A national anti-racism group this week published a map that shows 10 hate groups based in Minnesota.
After weekend violence during a white-supremacist march in Charlottesville, Va., and another incident even closer to home, Minnesotans are wondering what, if anything, they can do. The Rev. Curtiss DeYoung, chief executive of the Minnesota Council of Churches, said what’s important is to do something.
“This is timed a week after a mosque bombing in Bloomington, Minn., so we were already on alert around hate,” he said. “We’ve made our public statements, but we feel there needs to be more than just that.”
What you can do to improve race relations
Both the Minnesota Council of Churches and the Southern Poverty Law Center, the group that published the map and tracks hate crimes across the country, recommend a few steps individuals can take to improve race relations including signing petitions, reporting every incident of hate and getting to know people who have backgrounds different from their own.
According to the state demographer, more than 17 percent of Minnesotans are people of color. DeYoung said the Council of Churches is among many groups celebrating the state’s growing diversity.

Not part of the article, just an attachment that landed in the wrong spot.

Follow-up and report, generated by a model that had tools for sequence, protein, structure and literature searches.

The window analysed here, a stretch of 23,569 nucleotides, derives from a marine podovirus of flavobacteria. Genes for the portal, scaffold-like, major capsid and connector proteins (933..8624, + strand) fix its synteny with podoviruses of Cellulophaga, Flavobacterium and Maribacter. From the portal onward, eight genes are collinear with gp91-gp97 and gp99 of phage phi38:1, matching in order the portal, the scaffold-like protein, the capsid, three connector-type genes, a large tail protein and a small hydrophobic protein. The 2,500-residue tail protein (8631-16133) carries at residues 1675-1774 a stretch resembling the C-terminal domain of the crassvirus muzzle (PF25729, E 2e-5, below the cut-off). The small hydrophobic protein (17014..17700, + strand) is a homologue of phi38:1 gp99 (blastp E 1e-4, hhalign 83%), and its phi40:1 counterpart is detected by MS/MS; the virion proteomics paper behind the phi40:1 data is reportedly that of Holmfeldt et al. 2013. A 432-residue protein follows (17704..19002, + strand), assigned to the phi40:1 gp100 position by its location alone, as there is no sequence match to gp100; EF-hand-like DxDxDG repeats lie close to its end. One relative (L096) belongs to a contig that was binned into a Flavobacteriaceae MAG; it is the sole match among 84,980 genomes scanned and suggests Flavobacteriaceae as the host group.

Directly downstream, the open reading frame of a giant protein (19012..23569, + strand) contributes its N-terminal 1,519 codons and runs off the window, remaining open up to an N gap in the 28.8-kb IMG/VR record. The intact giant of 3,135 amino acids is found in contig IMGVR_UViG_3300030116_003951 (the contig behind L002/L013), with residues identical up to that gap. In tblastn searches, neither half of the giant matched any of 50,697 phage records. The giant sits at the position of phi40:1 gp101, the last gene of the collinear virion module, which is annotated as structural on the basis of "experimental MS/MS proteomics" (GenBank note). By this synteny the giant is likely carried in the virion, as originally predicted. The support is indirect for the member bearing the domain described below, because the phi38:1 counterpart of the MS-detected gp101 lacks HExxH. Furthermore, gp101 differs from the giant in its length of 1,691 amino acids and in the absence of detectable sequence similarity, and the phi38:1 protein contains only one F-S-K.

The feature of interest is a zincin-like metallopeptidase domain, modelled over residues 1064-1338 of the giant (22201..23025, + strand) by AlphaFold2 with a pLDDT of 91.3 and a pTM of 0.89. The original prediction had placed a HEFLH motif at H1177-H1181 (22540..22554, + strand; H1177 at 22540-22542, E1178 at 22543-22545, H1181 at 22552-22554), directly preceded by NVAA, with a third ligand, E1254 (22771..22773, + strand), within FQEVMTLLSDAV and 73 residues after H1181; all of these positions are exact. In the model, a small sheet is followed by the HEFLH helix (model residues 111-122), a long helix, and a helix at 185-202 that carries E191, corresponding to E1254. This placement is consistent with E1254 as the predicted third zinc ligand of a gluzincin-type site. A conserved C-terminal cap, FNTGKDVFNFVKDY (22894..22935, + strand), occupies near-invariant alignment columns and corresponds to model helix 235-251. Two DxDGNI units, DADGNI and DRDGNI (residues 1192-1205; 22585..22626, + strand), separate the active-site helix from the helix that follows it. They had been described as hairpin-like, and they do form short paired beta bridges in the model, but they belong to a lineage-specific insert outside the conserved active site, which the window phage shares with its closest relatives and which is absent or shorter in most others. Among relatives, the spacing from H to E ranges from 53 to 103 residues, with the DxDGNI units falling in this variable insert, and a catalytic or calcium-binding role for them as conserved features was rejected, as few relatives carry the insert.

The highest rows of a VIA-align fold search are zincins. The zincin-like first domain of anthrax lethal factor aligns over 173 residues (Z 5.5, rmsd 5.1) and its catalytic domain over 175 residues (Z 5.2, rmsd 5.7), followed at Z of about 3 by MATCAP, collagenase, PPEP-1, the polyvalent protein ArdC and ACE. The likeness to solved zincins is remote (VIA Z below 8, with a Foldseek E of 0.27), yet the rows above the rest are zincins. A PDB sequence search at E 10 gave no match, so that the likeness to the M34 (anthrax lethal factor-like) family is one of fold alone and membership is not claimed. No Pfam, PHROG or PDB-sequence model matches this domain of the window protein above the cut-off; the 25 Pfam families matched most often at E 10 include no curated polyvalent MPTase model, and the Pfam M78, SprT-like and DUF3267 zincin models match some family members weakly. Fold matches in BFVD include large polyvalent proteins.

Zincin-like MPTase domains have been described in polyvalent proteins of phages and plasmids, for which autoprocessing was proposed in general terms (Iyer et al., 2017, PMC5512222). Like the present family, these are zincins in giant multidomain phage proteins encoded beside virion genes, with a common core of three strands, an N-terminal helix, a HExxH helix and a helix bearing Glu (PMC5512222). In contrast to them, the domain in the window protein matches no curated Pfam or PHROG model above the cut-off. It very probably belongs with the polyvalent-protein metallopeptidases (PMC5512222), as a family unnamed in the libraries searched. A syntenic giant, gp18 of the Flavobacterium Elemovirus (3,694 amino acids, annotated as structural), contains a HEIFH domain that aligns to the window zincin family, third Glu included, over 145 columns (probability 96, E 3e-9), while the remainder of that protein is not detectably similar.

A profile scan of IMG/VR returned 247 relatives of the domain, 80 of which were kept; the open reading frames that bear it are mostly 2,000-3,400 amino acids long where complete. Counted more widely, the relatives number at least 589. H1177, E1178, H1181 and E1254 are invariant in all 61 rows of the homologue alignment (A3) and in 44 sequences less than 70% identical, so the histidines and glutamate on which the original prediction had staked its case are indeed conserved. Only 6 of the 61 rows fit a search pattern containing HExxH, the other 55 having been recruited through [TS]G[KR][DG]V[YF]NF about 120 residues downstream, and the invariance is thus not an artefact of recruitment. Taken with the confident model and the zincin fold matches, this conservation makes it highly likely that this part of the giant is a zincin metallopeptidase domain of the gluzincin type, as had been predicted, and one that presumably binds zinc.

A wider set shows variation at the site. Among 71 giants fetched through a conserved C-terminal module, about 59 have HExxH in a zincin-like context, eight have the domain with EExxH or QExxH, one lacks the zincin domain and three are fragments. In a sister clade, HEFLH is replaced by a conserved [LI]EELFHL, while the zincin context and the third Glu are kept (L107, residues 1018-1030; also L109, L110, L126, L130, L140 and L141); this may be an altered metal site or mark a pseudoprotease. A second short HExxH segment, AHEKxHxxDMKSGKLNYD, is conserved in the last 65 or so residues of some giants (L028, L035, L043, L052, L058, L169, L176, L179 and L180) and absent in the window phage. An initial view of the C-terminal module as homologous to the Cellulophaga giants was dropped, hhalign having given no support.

“Even if you live in a small, all-white community, your children still may move out of that community and go to a university somewhere, or just live somewhere else,” DeYoung said. “And so, preparing our children for this world is equally important.”
Elsewhere in the country, cities are preparing for the possibility of another white-supremacist show of force this weekend. The New York Times has reported at least nine events are planned.
The hate-group map is online at splcenter.org/hate-map